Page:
Judge Dennis Davis’s article avoids the real reason for the ubiquity of luxury cars in SA (“Ferraris in Clifton: hints of pernicious tax evasion”, January 12), which is that corruption and theft are endemic in SA, particularly in the government.

It is only partially true that “corruption has eroded tax morality”, but to say that corruption “must await another occasion” is to expediently avoid the real problem. The forensic accounting the judge refers to has already uncovered billions of rand in theft and corruption by people connected to the ANC government.

Some months ago Edwin Sodi, who is allegedly connected to ANC secretary-general Ace Magashule, was found to be in possession of 29 luxury vehicles at his R18m property when the Asset Forfeiture Unit arrived to confiscate them. He is not alone.

It is true that per capita SA is probably the leader in the luxury car market globally. However, the problem lies in the wholesale theft and looting of state resources by individuals, not tax evasion. While there is little doubt that tax evasion occurs, the government has had little or no success in prosecuting the miscreants who parade their looted spoils in public.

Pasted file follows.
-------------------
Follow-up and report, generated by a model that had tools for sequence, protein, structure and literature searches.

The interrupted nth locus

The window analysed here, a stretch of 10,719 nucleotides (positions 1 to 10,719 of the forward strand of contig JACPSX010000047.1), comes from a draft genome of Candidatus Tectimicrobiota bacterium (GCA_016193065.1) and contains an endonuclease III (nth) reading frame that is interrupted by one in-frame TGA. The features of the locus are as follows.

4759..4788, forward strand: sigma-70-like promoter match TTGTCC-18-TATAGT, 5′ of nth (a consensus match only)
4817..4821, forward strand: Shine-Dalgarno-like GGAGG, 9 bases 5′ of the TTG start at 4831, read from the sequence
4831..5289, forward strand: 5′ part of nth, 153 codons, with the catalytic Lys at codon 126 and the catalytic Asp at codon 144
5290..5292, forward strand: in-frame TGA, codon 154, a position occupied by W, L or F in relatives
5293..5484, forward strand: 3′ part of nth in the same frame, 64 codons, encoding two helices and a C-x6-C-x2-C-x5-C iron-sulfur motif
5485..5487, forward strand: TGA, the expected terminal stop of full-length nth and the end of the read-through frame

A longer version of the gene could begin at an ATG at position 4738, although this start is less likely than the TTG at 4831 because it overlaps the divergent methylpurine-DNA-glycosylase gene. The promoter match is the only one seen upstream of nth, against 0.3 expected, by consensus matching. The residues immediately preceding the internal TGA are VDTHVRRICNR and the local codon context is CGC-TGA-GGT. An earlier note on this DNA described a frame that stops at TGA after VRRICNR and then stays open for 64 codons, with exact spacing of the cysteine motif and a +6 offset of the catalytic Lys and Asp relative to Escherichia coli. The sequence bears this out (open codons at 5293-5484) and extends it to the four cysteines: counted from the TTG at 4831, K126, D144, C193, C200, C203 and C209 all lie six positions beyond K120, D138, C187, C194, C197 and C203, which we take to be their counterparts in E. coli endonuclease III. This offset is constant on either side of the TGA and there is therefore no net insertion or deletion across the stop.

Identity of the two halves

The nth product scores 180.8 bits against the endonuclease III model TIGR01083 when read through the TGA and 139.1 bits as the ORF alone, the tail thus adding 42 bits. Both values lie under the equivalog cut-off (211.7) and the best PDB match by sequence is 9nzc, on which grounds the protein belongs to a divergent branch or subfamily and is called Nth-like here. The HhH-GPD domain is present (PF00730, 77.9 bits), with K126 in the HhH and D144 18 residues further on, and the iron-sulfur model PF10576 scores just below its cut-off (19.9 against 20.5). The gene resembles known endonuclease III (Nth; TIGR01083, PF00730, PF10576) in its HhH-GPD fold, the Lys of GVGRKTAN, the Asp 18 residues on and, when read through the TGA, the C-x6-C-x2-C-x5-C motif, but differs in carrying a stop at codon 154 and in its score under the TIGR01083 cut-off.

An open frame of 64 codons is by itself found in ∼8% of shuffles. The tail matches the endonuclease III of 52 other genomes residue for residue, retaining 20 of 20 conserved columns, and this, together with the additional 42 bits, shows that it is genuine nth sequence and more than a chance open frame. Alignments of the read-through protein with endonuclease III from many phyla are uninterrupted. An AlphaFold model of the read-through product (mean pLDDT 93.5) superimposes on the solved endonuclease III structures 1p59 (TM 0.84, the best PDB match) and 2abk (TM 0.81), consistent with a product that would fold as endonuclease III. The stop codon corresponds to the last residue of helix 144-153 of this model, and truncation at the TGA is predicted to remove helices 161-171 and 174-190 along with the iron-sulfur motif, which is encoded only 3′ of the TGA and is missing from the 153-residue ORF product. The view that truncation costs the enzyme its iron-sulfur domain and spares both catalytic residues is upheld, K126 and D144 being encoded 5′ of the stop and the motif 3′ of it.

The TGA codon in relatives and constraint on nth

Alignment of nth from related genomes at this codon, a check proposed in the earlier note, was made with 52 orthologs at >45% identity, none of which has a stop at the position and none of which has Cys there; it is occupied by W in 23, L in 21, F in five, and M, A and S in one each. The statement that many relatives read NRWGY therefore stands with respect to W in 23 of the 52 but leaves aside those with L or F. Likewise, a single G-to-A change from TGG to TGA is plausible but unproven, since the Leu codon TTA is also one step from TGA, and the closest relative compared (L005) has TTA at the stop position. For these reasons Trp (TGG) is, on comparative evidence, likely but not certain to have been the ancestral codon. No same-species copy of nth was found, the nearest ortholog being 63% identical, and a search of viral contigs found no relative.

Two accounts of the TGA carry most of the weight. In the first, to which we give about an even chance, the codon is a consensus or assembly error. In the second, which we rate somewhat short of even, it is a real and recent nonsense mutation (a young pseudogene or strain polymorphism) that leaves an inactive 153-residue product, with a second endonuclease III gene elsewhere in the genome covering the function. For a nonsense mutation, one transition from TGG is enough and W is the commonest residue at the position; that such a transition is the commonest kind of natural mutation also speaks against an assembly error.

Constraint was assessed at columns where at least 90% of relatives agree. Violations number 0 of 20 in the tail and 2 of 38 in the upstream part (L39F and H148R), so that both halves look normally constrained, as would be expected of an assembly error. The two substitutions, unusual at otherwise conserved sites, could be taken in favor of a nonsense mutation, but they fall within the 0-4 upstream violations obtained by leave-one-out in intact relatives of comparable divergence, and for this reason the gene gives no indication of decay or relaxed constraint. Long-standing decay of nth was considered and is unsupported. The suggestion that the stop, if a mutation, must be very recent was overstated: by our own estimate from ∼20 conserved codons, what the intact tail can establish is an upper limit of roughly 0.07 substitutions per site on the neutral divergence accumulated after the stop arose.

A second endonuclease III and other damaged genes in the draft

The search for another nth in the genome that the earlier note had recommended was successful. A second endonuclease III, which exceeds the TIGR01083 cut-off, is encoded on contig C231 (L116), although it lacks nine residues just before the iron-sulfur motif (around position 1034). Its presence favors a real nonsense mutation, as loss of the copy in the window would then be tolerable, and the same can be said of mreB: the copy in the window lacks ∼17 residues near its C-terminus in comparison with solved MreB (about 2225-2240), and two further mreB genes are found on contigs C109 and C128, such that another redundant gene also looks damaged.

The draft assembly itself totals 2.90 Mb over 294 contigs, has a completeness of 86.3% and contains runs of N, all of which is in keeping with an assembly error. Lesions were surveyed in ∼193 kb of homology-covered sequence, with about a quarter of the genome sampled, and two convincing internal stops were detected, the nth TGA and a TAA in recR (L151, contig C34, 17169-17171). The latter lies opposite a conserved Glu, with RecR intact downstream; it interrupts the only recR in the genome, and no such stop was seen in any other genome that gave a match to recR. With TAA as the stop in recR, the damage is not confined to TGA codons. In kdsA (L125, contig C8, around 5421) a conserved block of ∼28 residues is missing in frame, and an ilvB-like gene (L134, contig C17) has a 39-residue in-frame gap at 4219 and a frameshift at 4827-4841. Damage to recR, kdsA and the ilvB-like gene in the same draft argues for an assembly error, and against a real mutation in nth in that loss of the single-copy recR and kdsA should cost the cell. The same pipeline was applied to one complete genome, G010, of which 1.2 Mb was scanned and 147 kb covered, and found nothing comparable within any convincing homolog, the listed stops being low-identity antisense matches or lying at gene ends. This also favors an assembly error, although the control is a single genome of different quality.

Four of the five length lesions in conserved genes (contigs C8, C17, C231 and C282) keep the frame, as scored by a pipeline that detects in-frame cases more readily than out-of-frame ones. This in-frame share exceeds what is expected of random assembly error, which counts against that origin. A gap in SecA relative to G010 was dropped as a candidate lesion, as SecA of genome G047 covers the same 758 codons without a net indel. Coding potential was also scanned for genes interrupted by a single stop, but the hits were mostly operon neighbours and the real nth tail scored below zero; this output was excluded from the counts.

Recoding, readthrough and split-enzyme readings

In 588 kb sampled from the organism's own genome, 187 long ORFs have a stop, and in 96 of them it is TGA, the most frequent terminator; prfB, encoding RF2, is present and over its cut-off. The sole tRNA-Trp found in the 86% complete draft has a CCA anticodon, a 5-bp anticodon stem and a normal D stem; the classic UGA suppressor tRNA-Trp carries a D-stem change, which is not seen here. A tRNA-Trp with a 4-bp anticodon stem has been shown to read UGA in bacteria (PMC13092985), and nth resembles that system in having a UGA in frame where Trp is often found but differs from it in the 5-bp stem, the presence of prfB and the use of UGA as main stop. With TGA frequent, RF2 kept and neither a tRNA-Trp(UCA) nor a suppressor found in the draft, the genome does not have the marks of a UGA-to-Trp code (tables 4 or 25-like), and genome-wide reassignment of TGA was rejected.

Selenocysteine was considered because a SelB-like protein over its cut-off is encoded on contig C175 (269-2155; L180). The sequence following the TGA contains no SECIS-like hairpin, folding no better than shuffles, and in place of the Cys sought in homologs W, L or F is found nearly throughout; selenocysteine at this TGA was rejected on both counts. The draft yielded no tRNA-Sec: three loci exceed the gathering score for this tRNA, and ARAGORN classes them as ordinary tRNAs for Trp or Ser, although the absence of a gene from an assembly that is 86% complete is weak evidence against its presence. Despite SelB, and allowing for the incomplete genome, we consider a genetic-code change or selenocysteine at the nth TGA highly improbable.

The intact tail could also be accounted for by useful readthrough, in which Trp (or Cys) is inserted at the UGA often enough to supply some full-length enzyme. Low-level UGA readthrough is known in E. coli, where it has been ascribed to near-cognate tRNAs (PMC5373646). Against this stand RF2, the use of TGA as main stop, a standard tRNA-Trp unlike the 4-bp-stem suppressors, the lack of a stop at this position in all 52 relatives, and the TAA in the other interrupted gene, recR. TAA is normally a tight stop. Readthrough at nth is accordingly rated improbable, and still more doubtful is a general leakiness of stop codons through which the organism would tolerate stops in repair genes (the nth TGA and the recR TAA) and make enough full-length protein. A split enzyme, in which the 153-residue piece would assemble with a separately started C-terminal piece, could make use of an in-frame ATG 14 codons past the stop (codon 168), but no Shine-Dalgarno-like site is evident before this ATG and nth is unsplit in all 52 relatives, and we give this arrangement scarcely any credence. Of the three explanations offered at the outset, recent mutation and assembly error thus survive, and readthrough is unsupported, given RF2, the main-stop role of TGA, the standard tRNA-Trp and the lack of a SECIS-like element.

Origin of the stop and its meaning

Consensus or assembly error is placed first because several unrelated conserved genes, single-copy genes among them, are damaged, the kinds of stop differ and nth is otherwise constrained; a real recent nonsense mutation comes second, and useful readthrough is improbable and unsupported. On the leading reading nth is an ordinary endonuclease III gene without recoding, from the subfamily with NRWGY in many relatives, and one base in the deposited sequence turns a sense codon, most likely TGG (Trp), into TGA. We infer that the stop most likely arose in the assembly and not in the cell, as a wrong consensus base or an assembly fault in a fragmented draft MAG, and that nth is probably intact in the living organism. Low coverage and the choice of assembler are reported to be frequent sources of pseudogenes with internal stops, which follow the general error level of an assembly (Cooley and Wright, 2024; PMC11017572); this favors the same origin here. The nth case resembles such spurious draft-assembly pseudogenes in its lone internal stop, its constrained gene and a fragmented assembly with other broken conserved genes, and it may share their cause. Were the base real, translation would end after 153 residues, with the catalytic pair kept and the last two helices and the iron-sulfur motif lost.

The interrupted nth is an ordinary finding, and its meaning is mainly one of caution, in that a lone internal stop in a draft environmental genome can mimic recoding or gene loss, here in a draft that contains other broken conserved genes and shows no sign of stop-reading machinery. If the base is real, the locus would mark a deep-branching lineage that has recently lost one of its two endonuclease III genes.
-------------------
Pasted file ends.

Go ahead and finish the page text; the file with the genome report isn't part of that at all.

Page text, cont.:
People will always seek ways to “avoid” tax, and the judge’s intimation that “it may prompt a debate about the morality of such conduct” cannot be sustained in a capitalist society. Why is it unconscionable for a person who works hard to endeavour to protect his income legally?

There will always be “haves” and “have nots” in society. The government should get its house in order and stop the looting and corruption.

Nathan Cheiman

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